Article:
IIHS Advisories | No. 22, July 1997
Airbag deactivation: Implications for motorists and auto insurers
A new rule on airbag deactivation is expected from the National Highway Traffic Safety Administration (NHTSA) within the next few weeks. NHTSA has proposed permitting dealers and repair shops to deactivate the airbags of any owner who requests it, a change from current policy requiring case-by-case approval and granting of requests only with medical justification. If a more permissive deactivation policy is adopted, the method could be either disconnection or retrofitting airbags with on/off switches.
This proposal has aroused controversy. Automakers, dealers, and airbag suppliers in particular have vigorously opposed more permissive deactivation. Plus there has been a lot of misleading media coverage. For example, many reporters have equated more permissive deactivation with widespread deactivation, when clearly the two are not the same. The Institute is unaware of any group that supports widespread deactivation.
Who's at Risk?
In controversial matters such as these, especially when there's so much misleading information in the media, it's useful to review the relevant research. What it shows is that most of the problems have involved unbelted adults and children. Among belted drivers, only a very small number are potentially at risk of serious injury from inflating airbags. They are at risk not because of their gender, height, or age but because of their driving positions. Anyone very close to, or on top of, an airbag as it first begins to deploy is at risk. This includes predominantly unbelted drivers, but research by the Institute, NHTSA, and Transport Canada shows that a belted driver whose driving position puts the chest closer than 10 inches from the steering wheel also can be at risk. Simply using a safety belt and sitting 10 or more inches away from the steering wheel virtually eliminates the risk.
On the passenger side, the key to risk also is position. Adults who buckle up and sit back virtually eliminate any risk, but the situation is more complicated for infants and children. Babies in rear-facing restraints should never be placed in front seats with active passenger airbags. Older children aren't at risk if the seat is all the way back, they are properly restrained, and they sit back in the seat. Sitting back is important. A belted child leaning forward to fiddle with radio dials, for example, can be at risk because the head could be close to the airbag. Riding in back is safer with or without airbags.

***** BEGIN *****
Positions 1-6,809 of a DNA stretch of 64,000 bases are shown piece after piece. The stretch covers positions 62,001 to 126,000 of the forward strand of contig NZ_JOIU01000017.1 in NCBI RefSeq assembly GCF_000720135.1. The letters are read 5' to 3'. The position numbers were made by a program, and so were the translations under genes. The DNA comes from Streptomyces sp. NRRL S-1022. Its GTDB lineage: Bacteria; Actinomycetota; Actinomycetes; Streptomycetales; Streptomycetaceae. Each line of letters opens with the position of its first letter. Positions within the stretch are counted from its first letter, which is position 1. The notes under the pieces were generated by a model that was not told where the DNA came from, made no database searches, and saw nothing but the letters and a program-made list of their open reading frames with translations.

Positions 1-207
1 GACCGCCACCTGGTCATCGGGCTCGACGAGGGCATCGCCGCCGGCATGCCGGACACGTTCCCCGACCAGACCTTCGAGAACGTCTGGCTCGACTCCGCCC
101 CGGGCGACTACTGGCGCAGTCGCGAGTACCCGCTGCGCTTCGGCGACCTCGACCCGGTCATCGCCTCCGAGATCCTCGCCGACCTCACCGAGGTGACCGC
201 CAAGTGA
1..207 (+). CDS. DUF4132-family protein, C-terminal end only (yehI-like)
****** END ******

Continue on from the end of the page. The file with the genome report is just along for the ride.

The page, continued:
Although rear seating is beneficial for infants and children, there are a few circumstances when youngsters may need to ride in the front seats of airbag-equipped vehicles. An example is when an infant requires constant medical monitoring or when there are more children than there are back seats with proper restraints. For the few adults and children who cannot position themselves to avoid the risk, airbag deactivation might make sense.
Implications for Insurers
The decision to permit airbag disconnection or on/off switches involves consequences for insurers who offer premium discounts for airbags. Such discounts for airbag-equipped cars shouldn't apply to vehicles with disconnected airbags. But how will insurers know if the airbags in any given vehicle are operable? And should a discount apply to vehicles with on/off switches?
Whatever deactivation policy NHTSA adopts, it should be aimed at the more than 60 million cars already equipped with airbags because the risks will be greatly reduced in 1998 and later models. Most of these cars will have depowered airbags (that is, airbags with less powerful inflators), so sitting closer to the steering wheel than 10 inches will pose a smaller risk to drivers than before. On the passenger side, the risks for infants and children will be reduced but not eliminated. More advanced airbag systems will dramatically reduce the risks and should eliminate the need for deactivation, but this technology still is several years away from widespread use.
There's no doubt that airbags are saving lives and preventing serious injuries every day, and whichever way NHTSA decides to go on deactivation — permissive or only with government permission — it will be a tragedy if the result is widespread deactivation. The Institute is ready to release appropriate print and video materials to discourage widespread deactivation shortly after NHTSA announces its decision.